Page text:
While we may not be able to offer you a glimpse of the historic Ark, what we can offer you is a piece of magic. In less than four hours from London to Istanbul and a short hop to the City of Van you can be amongst the Biblical “Mountains of Ararat.” From the city of Van we take you along the eastern shore of Lake Van, skirting Mount Suphan (4058m) and north across Mount Tendürek (3584m), a massive shield volcano strewn with huge black volcanic boulders, before arriving at Doğubayazıt which is the jumping off point for our Ararat expeditions. Doğubayazıt, or “Dog biscuit” as a lot of our travellers affectionately call it, has all the feel of a frontier town which, of course, is exactly what it is. And dominating the town is the stunning presence of Mount Ararat and her brooding smaller sister, Little Ararat.
Mount Ararat, a classic stratovolcano, has a permanent covering of ice at the summit which in the early morning light is crystal blue underfoot, reflecting the blue of the sky. Ararat is an impressive sight that dominates the skylines of Turkey’s Ağrı Province and the adjacent territories of Armenia, Nakhichevan (Azerbaijan) and Iran and from the summit, seeing the curve of the earth over a place that holds such a central part of our cultural origins you can, for a moment, believe anything.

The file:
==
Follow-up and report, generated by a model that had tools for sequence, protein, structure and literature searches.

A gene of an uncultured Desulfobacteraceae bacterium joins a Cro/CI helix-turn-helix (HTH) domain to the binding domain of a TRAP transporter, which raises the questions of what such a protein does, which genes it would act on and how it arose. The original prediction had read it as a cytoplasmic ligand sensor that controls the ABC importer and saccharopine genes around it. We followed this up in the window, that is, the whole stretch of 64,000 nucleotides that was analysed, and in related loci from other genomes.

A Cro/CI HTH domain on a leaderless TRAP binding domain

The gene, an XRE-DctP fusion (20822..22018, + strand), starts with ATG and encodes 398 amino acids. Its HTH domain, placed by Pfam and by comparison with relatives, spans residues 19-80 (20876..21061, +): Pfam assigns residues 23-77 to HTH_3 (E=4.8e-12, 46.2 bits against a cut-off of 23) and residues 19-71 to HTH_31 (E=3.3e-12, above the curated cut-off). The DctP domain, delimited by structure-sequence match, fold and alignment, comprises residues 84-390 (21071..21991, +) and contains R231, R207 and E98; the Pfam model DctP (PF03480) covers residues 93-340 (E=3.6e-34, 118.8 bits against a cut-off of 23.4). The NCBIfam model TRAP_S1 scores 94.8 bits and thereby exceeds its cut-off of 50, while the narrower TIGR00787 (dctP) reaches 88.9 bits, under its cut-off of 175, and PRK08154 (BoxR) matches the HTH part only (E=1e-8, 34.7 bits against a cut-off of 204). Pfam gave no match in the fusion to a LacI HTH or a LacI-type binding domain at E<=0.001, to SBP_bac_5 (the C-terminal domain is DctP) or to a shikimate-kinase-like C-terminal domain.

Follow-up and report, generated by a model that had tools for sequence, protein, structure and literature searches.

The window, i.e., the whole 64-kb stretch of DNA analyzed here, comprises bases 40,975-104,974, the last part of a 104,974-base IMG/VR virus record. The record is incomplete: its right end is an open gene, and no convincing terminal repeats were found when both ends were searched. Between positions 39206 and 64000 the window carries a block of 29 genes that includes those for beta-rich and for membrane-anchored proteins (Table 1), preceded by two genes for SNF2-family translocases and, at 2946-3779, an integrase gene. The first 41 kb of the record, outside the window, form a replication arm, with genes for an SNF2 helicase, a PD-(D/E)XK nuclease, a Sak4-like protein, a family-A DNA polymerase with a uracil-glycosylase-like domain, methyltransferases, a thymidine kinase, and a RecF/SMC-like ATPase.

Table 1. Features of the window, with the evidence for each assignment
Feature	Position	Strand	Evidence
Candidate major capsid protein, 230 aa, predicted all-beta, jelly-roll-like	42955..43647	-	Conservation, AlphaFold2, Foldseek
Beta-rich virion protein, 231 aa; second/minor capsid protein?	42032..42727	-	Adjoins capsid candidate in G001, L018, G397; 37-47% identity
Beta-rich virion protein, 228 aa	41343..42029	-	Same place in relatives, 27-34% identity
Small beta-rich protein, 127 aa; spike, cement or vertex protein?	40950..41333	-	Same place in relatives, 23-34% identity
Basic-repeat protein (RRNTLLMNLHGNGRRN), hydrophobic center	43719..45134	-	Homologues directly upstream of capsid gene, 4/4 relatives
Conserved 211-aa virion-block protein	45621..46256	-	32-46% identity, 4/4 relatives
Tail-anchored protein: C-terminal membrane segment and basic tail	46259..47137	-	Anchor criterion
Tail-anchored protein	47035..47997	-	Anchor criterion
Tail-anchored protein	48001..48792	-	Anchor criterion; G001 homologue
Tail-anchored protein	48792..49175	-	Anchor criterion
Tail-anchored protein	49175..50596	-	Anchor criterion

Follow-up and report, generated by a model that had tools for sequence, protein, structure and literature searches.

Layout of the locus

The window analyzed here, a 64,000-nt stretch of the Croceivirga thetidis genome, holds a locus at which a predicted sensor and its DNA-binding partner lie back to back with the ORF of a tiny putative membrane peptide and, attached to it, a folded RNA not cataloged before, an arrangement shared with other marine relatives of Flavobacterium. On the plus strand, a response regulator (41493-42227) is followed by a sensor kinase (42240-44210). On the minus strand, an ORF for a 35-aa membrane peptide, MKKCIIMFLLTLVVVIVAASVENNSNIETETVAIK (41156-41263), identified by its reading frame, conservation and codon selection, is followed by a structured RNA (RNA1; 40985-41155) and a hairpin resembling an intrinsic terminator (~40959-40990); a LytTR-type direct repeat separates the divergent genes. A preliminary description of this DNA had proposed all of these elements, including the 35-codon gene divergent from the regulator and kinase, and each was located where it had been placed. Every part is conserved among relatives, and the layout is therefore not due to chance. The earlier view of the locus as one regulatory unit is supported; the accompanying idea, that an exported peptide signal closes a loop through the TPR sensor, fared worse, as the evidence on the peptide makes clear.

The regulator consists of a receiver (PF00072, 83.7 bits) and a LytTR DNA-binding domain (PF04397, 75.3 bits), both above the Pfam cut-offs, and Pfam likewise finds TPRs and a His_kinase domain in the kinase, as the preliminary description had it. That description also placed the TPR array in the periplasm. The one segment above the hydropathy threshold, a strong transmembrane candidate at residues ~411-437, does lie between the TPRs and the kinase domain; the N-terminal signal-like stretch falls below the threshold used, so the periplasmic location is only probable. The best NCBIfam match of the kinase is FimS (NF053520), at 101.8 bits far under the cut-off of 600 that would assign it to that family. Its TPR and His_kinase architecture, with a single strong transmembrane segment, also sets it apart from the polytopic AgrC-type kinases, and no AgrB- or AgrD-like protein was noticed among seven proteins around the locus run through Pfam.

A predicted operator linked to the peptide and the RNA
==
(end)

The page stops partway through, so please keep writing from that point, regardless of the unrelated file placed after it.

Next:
The Turkish name for Ararat is Ağrı Dağı which literally means “Mountain of Pain.” While this is not a technical climb the Turks have named it well because it is not easy and you will be working at high altitudes on some steep inclines across rocky volcanic surfaces. The Kurdish name for Ararat is Çiyaye Agiri which means “Mountain of Fire” reflecting its volcanic origin. Armenians, for whom the mountain has a special significance, call it Masis. On the lower reaches of Ararat you will still meet traditional nomadic and semi nomadic peoples who cross the region with their flocks protected by their formidable Kangal dogs sporting metal spiked collars to help keep wolves at bay. It is from these highland and mountain communities that we recruit our porters and guides and while they sometimes look a little fearsome, their hospitality is unmatched anywhere in the world.
Our Ararat Challenge Trek involves a total of 7 days (including travel time from the UK) and of these 7, there will be 2 nights in a hotel and 4 nights on the mountain. We provide all technical equipment, tents and provisions and all your meals on the mountain are provided by our experienced guides and porters. On a 7 day break, just a short travelling time from the UK, you can immerse yourself in an adventure that will make your imagination soar.
Visit our web sites, watch our videos and then come to experience history and “feel the pulse of time.”
The climbing season for Ararat and the peaks around Lake Van starts in June and finishes mid-September but ski tours and resort skiing packages are available from December to March.